Here's How We Discovered Newfound Love For Kashmiri Pandit Cuisine

Subtle, strong and full of surprises, that's Kashmiri Pandit cuisine for you


The easiest way to explore Kashmiri cuisine is to feast on a Wazwan and reinforce stories of the greatness of gushtaba and rista. No doubt the Wazwan—a ceremonial feast—is a memorable experience, but there is another relatively unexplored aspect of Kashmiri cuisine that’s been steadily earning a fan following—the cuisine of the Kashmiri pandits. And that’s the story we decided to uncover.

The Thalis of India journey brought us to Matamaal—naani ka ghar in the Kashmiri language. Nalini Sadhu, a Kashmiri pandit, has been running this little restaurant in Gurgaon for over a year, and it has attracted not just the Kashmiris who left the valley as youngsters, and a generation that has grown up after, but plenty of curious foodies.

The Pandits and Kashmiri Muslims share a culinary history that has evolved over the centuries, assimilating influences and ingredients from as far as central Asia, Persia and Afghanistan. The popular Roganjosh and Yakhni gravies are common to both. So is the generous use of fennel seed powder, mint leaves and aromatic spices like cardamom and cinnamon. “This is not everyday cooking,” says Sadhu as she launches into the delicious details of cooking mutton in numerous ways. There is Masc—a curry made with spongy meatballs, Mutton Kalia—meat cooked to a tender consistency with whole spices, cumin and fennel seeds, ginger powder, hing and milk. Chok Charwan—a sour preparation of mutton liver, is almost like a pickle.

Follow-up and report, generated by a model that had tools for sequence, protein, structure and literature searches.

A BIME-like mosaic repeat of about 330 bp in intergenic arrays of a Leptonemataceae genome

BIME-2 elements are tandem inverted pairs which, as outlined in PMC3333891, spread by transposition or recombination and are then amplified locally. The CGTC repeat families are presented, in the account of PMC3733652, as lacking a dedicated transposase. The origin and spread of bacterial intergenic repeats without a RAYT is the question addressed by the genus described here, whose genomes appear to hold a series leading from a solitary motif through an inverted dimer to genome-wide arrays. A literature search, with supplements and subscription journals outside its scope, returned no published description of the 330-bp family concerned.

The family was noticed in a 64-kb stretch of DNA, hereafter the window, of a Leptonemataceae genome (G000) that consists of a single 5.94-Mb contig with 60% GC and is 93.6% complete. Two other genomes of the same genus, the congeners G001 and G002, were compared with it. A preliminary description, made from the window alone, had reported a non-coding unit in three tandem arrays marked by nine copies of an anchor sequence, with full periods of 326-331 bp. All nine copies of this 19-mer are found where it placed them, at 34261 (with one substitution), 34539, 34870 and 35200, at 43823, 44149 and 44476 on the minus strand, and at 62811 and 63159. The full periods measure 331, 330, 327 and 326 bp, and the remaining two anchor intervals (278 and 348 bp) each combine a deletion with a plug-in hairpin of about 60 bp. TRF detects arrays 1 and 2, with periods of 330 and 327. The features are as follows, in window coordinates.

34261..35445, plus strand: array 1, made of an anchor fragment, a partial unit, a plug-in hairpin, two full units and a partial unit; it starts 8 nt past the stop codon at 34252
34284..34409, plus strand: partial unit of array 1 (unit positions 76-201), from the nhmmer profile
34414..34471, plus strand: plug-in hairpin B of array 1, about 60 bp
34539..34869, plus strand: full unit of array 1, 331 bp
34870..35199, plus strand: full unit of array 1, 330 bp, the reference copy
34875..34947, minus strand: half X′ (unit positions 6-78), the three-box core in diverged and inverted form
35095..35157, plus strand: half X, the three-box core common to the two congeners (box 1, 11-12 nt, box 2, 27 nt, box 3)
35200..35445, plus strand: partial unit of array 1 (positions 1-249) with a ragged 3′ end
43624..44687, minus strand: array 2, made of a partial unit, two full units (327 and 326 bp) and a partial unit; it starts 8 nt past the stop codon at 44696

Plenty of fresh vegetables share space on the thali, or they’re cooked together with the meat and fish. Haak (leafy greens) and Nadru (lotus stem); Muji (radish) and Wangun (eggplant) are much loved by the community. Kashmiri pandits traditionally don’t use onions and garlic, and tomatoes are rare. “People are baffled when they hear this, they ask us how we make your gravies. Our curries are curd-based and flavoured with fennel seed powder,” says Sadhu. Vegetables are cooked with whole spices, or tamarind paste or turmeric “where the herb or spice or flavouring agent is the hero. So there is turmeric paneer, or turmeric mutton and even turmeric radish…turmeric rules this dish,” says our host. Cloves, cinnamon, cardamom and whole pepper are used. Hing or asafoetida has a special place and sourcing the best Hing is a family occupation.

On its own, Haak is cooked by boiling it with red chillies. It is then placed right on top of the mound of rice, and eaten first. In the fertile soil of the valley, families sourced several kinds of Haak, now, the most popular varieties are spinach, Muji and turnip greens. The other much-revered ingredient is Nadru. Kashmiris eat almost every part of the lotus flower, but the stem has a special place. “Nadru is part of our ceremonial and religious feast, it is offered to the Gods, it is cooked on its own, or with fish and meats. It is so versatile, that on any given day, if you have nadru, you don’t have to worry about the family meal.”


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